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The Prado Museum is presenting Portrait of a Man, recently attributed to Velázquez
On the left: Keith Christiansen, Chairman of European Paintings, The Metropolitan Museum of Art, Nuria de Miguel, General Secretary of Fundación Amigos del Museo del Prado and Gabriele Finaldi, Associate Director of Curatorship and Research at the Museo Nacional del Prado.

MADRID.- On loan from the Metropolitan Museum of Art in New York, of which Plácido Arango is an honorary patron, Velázquez’s Portrait of a Man has arrived in Spain in honour of the President of the Museum’s Board of Trustees over the past five years.

Until 27 January 2013, and thanks to the sponsorship of the Fundación Amigos del Museo del Prado, Velázquez’s Portrait of a Man is being exhibited within the “Invited Work” programme that was launched in 2009 with the aim of enriching visitors’ understanding of the works in the Museum’s own collection. The Prado is offering the public the exceptional opportunity to see the painting now that it has been re-attributed to Velázquez, having been catalogued as a work by his circle since 1963.

The portrait temporarily joins the Museum’s own collection of works by Velázquez and is on display in Room 9A alongside The Surrender of Breda, one his most important and celebrated compositions. The direct comparison now possible between the invited work and Velázquez’s great history painting will allow for an appreciation of the striking similarity between the sitter in the portrait and the anonymous soldier on the right of the Surrender, as noted by the American Hispanist Jonathan Brown in the course of his study of the sitter in the Metropolitan’s canvas.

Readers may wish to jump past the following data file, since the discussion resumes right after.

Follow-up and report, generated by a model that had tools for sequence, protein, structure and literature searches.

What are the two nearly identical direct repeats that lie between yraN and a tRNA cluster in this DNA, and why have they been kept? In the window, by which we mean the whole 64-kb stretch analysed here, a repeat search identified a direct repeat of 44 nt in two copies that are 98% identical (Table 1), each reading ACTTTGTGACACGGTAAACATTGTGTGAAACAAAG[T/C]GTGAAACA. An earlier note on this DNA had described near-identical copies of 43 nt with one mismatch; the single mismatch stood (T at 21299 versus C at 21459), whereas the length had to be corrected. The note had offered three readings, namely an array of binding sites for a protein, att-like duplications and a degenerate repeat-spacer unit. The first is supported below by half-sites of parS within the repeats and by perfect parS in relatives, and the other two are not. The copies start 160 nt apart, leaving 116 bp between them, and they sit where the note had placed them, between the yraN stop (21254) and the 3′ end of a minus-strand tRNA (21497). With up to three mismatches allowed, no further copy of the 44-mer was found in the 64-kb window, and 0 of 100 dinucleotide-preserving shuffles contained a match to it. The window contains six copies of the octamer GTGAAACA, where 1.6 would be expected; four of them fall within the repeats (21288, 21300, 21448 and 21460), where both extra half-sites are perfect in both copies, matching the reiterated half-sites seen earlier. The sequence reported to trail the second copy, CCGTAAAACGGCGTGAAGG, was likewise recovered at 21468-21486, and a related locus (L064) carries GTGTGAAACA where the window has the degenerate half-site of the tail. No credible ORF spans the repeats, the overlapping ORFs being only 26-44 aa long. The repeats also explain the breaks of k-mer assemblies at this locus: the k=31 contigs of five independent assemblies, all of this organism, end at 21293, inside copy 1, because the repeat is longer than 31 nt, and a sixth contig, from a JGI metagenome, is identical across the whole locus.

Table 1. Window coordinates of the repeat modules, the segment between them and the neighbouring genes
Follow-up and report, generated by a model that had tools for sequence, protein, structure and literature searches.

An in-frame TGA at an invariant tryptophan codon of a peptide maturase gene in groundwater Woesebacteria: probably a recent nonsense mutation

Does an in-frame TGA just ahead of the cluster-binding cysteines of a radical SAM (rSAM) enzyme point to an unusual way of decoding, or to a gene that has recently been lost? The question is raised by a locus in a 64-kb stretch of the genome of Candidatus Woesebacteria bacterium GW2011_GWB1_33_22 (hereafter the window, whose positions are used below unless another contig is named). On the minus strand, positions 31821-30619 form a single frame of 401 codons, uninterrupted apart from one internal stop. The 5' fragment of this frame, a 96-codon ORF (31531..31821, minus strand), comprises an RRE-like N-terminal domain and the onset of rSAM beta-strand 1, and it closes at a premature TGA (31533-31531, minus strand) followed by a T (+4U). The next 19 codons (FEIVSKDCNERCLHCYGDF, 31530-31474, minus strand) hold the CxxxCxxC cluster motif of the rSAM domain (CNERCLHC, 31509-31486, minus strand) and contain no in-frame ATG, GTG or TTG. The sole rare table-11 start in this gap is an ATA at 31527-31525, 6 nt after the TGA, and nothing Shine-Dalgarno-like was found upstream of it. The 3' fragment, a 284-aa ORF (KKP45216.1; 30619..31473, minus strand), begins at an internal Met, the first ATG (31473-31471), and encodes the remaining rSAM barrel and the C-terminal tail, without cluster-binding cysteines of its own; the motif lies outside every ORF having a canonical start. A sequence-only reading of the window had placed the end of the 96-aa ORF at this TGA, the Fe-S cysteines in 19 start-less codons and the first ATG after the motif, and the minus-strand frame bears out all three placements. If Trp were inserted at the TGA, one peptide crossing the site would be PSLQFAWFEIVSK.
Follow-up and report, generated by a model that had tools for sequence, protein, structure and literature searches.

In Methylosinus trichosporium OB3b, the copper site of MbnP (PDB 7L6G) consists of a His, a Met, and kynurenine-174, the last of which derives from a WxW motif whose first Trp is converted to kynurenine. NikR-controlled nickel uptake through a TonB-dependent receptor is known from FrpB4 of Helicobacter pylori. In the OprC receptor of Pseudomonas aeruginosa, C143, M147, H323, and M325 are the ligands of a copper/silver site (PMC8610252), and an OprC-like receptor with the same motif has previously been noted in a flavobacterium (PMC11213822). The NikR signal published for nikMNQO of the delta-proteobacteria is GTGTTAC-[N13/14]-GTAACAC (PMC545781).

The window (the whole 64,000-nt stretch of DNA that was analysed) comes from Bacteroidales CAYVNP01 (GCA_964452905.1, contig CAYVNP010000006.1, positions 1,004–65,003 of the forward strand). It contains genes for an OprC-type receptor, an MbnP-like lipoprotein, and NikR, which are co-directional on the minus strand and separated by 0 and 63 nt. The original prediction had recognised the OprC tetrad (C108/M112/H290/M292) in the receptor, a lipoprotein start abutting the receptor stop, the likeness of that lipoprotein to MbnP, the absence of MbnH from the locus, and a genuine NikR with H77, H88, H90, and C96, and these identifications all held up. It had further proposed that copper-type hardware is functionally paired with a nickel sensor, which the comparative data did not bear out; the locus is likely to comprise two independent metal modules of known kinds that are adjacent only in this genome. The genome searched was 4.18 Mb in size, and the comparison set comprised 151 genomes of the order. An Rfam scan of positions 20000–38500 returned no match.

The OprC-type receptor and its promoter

History of Portrait of a Man (ca.1635)
In 2009 this male portrait, which had been on display in the Metropolitan Museum with an attribution to the circle of Velázquez, was sent to its restoration studio. As work progressed on cleaning its qualities became increasingly evident, leading Jonathan Brown to publish it as an original by Velázquez, reinstating the previous autograph status of the work that was maintained until 1963 when José López-Rey decided that it was not possible to firmly attribute it to the artist given its state of conservation at the time.

The painting’s condition was the result of its eventful history. It had been in private collections in Germany from the eighteenth century until 1925 or 1926 when it was acquired by Joseph Duveen, the most important Old Master picture dealer of the day. With the aim of placing the canvas on the market, he had it restored in a way that reflected international collectors’ tastes. This involved making the background uniform, strengthening parts of the torso that were only lightly sketched in, transforming the hair into a solid zone and in general creating a more static, homogeneous image. This new effect was subsequently increased by the aging of the varnish.

Recent restoration has now freed the painting from this straightjacket and has revealed technical devices and representational strategies that are typical of Velázquez. The background is no longer uniform and has recovered its vibrancy, produced by subtle gradations of light that produce depth and enliven the figure. This is a technique that appears in other works by the artist such as Portrait of a Man in the Wellington Museum, London.

Equally, the recent restoration of the painting reveals how the artist modified the position of the head as he went along and how the hair is certainly not a compact, static mass but is dynamic and vibrant despite considerable wear.

This overall sensation of liveliness and dynamism, achieved through vibrations of light and a judicious distribution of the different levels of finish, support the attribution to Velázquez, as does another characteristic of the painting, namely the impression that it conveys of having been created almost without effort.

The identity of the model is not known. A comparison with Velázquez’s Self-portrait in Valencia and with the one in Las Meninas led Mayer (the German Hispanist who died in 1944) to suggest that this is another depiction of the artist. However, this comparison reveals more differences than similarities given that all definite or proposed self-portraits of Velázquez show him with darker skin and more pronounced features. However, the figure is strikingly similar to that of the anonymous soldier on the far right of The Surrender of Breda. In the nineteenth century this figure was also considered a self-portrait, although this idea is no longer accepted.

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